Arts & Entertainment

Archive in Virginia serves as storehouse of US audiovisual treasures

By Patricia de Arce

Culpeper, Virginia, Jul 22 (EFE).- Surrounded by farms and nestled amid the foothills of the Blue Ridge Mountains, Culpeper is a small town in the US state of Virginia that would go completely unnoticed if not for being home to a center that houses the world’s largest collection of moving images and sound recordings.

Known as the National Audio-Visual Conservation Center, that unit of Washington DC’s Library of Congress is a unique space where around 100 employees work round-the-clock to digitally preserve and archive millions of recordings ranging from films and radio and television programs to songs and even sound effects.

The campus is located in a former Federal Reserve bunker that was built during the Cold War to house some $6 billion in US currency, which was to be used to replenish the cash supply east of the Mississippi River in the event of an economy-destroying nuclear attack.

That assumes anyone were alive to perform that task, Rob Stone, the Library of Congress’ moving image curator, joked while he and the curator of recorded sound, Matthew Barton, led Efe on a tour of a facility where 3.6 million sound recordings and 1.6 million reels of films and videotapes are stored.

The complex also is known as the Packard Campus for Audio-Visual Conservation because after the bunker was abandoned and put up for sale in the early 1990s David W. Packard, the son of Hewlett-Packard’s founder, bought it from the government with a view to restoring it, refurbishing it and donating it to the Library of Congress for this new purpose.

Inside the center, original works must be stored inside chambers at temperatures of 2-3 C (36-37 F) to prevent rapid deterioration.

And even greater care is needed in the chambers used to store cellulose nitrate-based films, which were produced in the first half of the 20th century and, according to Stone, are highly flammable.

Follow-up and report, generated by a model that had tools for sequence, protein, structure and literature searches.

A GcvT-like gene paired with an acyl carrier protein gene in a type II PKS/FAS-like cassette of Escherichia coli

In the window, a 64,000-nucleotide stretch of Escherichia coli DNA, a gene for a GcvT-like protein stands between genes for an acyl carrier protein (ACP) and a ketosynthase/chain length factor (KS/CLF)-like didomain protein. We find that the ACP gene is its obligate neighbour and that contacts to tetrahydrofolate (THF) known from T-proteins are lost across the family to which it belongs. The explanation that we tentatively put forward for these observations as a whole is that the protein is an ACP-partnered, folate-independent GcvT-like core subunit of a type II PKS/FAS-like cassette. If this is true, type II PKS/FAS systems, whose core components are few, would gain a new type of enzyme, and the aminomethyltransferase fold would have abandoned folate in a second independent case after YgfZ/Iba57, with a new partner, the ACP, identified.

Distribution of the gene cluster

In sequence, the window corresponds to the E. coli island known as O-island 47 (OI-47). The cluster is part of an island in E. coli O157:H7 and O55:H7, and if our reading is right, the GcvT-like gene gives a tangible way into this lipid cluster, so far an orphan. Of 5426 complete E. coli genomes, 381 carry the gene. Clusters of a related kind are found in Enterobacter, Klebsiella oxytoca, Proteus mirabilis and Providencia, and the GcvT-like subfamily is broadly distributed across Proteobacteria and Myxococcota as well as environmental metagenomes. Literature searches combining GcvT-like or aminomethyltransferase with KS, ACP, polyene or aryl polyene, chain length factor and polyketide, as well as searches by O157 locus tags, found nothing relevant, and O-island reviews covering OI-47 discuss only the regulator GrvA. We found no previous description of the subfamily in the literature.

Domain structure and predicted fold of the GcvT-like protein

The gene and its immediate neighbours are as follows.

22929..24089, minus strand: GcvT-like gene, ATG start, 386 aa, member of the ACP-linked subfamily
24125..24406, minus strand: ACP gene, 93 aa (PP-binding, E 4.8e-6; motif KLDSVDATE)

Those chambers are equipped with special security features, including small shelves that hold the works in pairs so the flames would not spread to the other material in the event of a fire and diagonal sprinklers that would allow a blaze to be extinguished without harming the audiovisual material.

But is all that effort necessary? Why not just make copies and let the originals deteriorate?

Barton explained that copies are a means of preserving the material but that the original must be stored as well because ever-improving technology enables better and better copies to be made.

The idea is that when a copy is made directly from the original with the best existing technology the quality of the copy will be the highest possible at that particular time.

Besides being protected from fire or deterioration, the originals are never permitted to leave the building, so if researchers request a particular piece of audiovisual material from the Library of Congress they are sent a digital copy.

Among the treasures stored at the National Audio-Visual Conservation Center are the first recorded sneeze from 1894, the first kiss captured on film (“The May Irwin Kiss,” an 18-second 1896 short), Frank Sinatra’s first recording in 1935 and the original copy of “The Great Train Robbery,” a silent film made in 1903 that is considered cinema’s first ‘western.”

The archive also is home to a staggering collection of feature-length films.

And in some instances – such as Frank Capra’s 1939 political comedy-drama classic “Mr. Smith Goes to Washington,” starring James Stewart – the original has been preserved.

The campus also is home to entire collections, including ones donated by Bob Hope and Jerry Lewis; Stone said the latter even insisted on meeting the people tasked with caring for his artistic legacy before handing it over.

Most of the center is closed to the public, the lone exception being a 206-seat theater with a red-velvet curtain and chandeliers.

Recently reopened after a two-year, pandemic-triggered hiatus, it is a replica of the one Packard owned in Palo Alto, California, and even features an organ underneath the stage for playing music during the screening of silent films. EFE


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